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What Are The Motivating Characteristics Of Work? Discuss With Reference To Well-Known Theories Of Work Motivation.

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Motivation is a very important aspect of our everyday life, as our motives are major determinant of our behaviour in work, at home, everywhere. The subject of motivation covers many question from different areas e.g. areas associated with business: �What stimulates people at work?’ �What drives people to do the things they do in their job?’, to questions about our regular life: �Why am I going to People and Organization lectures?’, �Why did I choose to write my essays on this topic?’. There are many answers for all of those questions but in all of them we will be able to find motivation as the main force of our course of action.

If motivation is so important, to what does it then refer? Motivation derives from the latin verb �movere’, meaning �to move’. Movement implies action and, in order to act, energy and effort are required from the individual, therefore the level of motivation is depended on the amount of effort and energy people put into their work. In order for a person to generate energy and effort, they need to be stimulated by the work they, environment they work in. Most of people are highly motivated when they are well matched to their job. It is the fit between people and their jobs which determines an individual’s level of motivation.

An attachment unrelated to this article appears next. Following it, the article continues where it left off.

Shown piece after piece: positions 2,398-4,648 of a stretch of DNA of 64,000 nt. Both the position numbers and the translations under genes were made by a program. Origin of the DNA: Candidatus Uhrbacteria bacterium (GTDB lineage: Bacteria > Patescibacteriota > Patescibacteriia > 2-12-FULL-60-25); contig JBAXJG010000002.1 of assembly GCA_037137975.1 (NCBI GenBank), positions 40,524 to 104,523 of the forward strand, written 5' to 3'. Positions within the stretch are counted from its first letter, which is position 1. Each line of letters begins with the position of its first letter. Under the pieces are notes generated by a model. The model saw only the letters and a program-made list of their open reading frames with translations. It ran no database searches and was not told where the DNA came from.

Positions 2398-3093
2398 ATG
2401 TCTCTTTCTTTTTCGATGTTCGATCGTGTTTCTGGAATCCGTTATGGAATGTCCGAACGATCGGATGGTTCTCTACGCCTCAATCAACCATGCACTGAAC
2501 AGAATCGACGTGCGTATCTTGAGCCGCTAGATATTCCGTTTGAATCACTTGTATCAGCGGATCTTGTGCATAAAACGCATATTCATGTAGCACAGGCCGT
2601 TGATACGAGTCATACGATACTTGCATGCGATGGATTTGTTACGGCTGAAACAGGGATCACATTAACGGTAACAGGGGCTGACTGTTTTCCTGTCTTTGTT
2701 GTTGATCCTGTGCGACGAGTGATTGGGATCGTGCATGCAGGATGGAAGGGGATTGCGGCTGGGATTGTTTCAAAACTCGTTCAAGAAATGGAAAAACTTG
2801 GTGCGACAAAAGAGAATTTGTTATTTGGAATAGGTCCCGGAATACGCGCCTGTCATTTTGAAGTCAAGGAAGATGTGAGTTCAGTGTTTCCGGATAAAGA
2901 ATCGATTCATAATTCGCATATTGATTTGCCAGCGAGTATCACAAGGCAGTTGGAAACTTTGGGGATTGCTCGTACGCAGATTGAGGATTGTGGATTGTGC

The fit of job to an individual is not the only motivating characteristic of work. Accordingly to Huczynski and Buchanan there are other important characteristics in form of work motivation theories, which can be divided into three distinct but related perspectives, from which we can explore motivation: content theories, process theories and job enrichment theories .

First perspective from which we can examine motivation characteristics of work are the content theories, which ask: �What are the main motives for our behaviour?’. This means they look for specific things that motivate e.g. wealth, status and power. The content theories view motivation in terms of goals that people follow and desire.

On of many theorists who have described the needs individuals have, was Abraham Harold Maslow. His comprehensive attempt to classify needs, motivating characteristics of work consisted of two parts. The first concerned classification of needs in classes, the second how these classes are related to each other.

He divided needs into five types placed in a hierarchy, starting with physiological needs (such as food, warmth, good working conditions), through safety needs (organised and orderly environments), affiliation needs (sense of belonging) to esteem needs (achievement, competence in the eyes of ourselves and others). At the highest level, the need for self-actualisation is found which reflects each individual’s desire to utilise his full potential.

Maslow’s hierarchy of needs rests on four basic assumptions. First stats that lower level needs must be satisfied before higher level needs become strong enough to stimulate behaviour. Second that a satisfied need is not a motivator, as it declines in importance and the next level of the hierarchy increases importance. Third argues that when individual reaches the highest level need, satisfaction of this need increase in importance. The last assumption suggests that, there are many more ways of achieving and satisfying higher level needs than to satisfy lower level needs.